Now that I found a non-linear editor I can finally use (that's free!), I'm going to start making more videos, of higher complexity and production value. This video was kind of a short test of those skills since I have zero modern experience in video editing and all my previous uploads have been simply 1-to-1 captures from Open Broadcast Studio.

Thank you for sharing. I didn't know about that, but it seems like a nicer way to upload demos!

video

I haven't tried KDENLIVE yet, but it also sounds like a useful tool.

Neil Roy
Member #2,229
April 2002
avatar

SFML is only getting a push because of how the C++ Standard and the committee appears to be edging out C. Honestly that is the only reason I see people recommend SFML, because it is written in "native C++".

I'll never use a library written with C++, I want speed and C is the closest one can get to machine code without using machine code. C is also more portable. C++ is not.

With that said, I checked out SFML and it does seem like a nice little library, but I see no reason to use it over SDL2 or Allegro to be honest. Anyone who feels it will be somehow more compatible with C++ only shows off their ignorance. Besides, I still program in C, C++ is too convoluted for my tastes.

There's a really good talk on SDL here...

video

Around 6:10 into it he mentions why C is the best to use over C++ for the library.

Edgar Reynaldo
Member #8,592
May 2007
avatar

Neil Roy said:

I'll never use a library written with C++, I want speed and C is the closest one can get to machine code without using machine code. C is also more portable. C++ is not.

Sigh. Old timers. STL. Smart pointers. Destructors. Exceptions. Classes. C++. Nuff said.

Neil Roy said:

There's a really good talk on SDL here...

video

Around 6:10 into it he mentions why C is the best to use over C++ for the library.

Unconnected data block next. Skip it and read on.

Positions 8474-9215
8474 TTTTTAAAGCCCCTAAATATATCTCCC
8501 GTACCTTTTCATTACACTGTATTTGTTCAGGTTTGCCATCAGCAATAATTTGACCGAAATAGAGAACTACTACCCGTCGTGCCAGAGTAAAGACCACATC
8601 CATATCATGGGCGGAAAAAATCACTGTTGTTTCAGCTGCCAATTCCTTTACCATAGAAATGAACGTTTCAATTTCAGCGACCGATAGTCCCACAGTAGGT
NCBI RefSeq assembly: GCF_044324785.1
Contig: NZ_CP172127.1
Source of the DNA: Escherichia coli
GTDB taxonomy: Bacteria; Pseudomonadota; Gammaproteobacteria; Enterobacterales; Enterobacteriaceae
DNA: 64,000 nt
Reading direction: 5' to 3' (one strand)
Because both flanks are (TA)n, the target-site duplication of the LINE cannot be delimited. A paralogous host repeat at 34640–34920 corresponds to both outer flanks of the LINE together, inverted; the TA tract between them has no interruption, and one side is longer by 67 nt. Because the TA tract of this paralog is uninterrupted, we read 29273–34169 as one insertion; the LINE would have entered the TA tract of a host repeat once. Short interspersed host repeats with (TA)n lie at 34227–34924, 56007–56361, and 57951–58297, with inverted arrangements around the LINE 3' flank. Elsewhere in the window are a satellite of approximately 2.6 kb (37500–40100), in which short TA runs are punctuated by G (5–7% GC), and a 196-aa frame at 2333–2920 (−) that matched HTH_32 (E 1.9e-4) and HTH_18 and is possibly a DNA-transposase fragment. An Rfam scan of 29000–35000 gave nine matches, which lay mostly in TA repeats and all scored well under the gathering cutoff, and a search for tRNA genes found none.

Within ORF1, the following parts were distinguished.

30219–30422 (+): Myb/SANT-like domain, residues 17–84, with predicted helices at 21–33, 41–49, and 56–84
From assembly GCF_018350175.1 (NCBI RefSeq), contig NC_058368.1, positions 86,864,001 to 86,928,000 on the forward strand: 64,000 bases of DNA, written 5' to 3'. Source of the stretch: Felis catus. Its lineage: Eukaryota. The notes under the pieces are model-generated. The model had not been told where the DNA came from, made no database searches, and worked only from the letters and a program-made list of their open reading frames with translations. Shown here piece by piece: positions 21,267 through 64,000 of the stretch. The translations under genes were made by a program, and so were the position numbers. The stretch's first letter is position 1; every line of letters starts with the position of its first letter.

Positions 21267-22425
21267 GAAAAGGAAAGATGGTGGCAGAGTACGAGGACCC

For a library maybe, but for an app, no. An hour talk, admittedly with zero code. Great. I'm not gonna waste my time.

Neil Roy
Member #2,229
April 2002
avatar

For a library maybe, but for an app, no. An hour talk, admittedly with zero code. Great. I'm not gonna waste my time.

I'm not surprised. But, my comment, if you look back and actually learn to read, was about what the LIBRARY WAS WRITTEN IN.

How do you know there is zero code when you didn't watch it? I won't waste my time with anything you do from now on either. It's a two way street buddy.

"Old timers" my ass. All of the libraries that are worth using, INCLUDING ALLEGRO are written in C! There's nothing "old" about it!!! Grow a brain. You insulting little puke! >:(

Edgar Reynaldo
Member #8,592
May 2007
avatar

Overreact much? :-/

You're so stuck in your ways, you'll never change.

The guy himself says about 2 minutes in there isn't any code.

Besides, I hate videos. They take forever, and they rarely teach you anything when it comes to coding. An hour of watching a guy click buttons on his IDE's GUI. Woo. Hoo.

Neil Roy said:

All of the libraries that are worth using, INCLUDING ALLEGRO are written in C!

Except for most GUI libraries, like WxWidgets and Qt. Doing the exact same thing in C that you could do in C++ takes like 10x longer, and is way more inconvenient. As for a compiler not being able to generate good machine code for C++ as opposed to for C, that is just bullshit.

Arvidsson
Member #4,603
May 2004

Ah such a friendly community over here. Feels just like home. :-*

bamccaig
Member #7,536
July 2006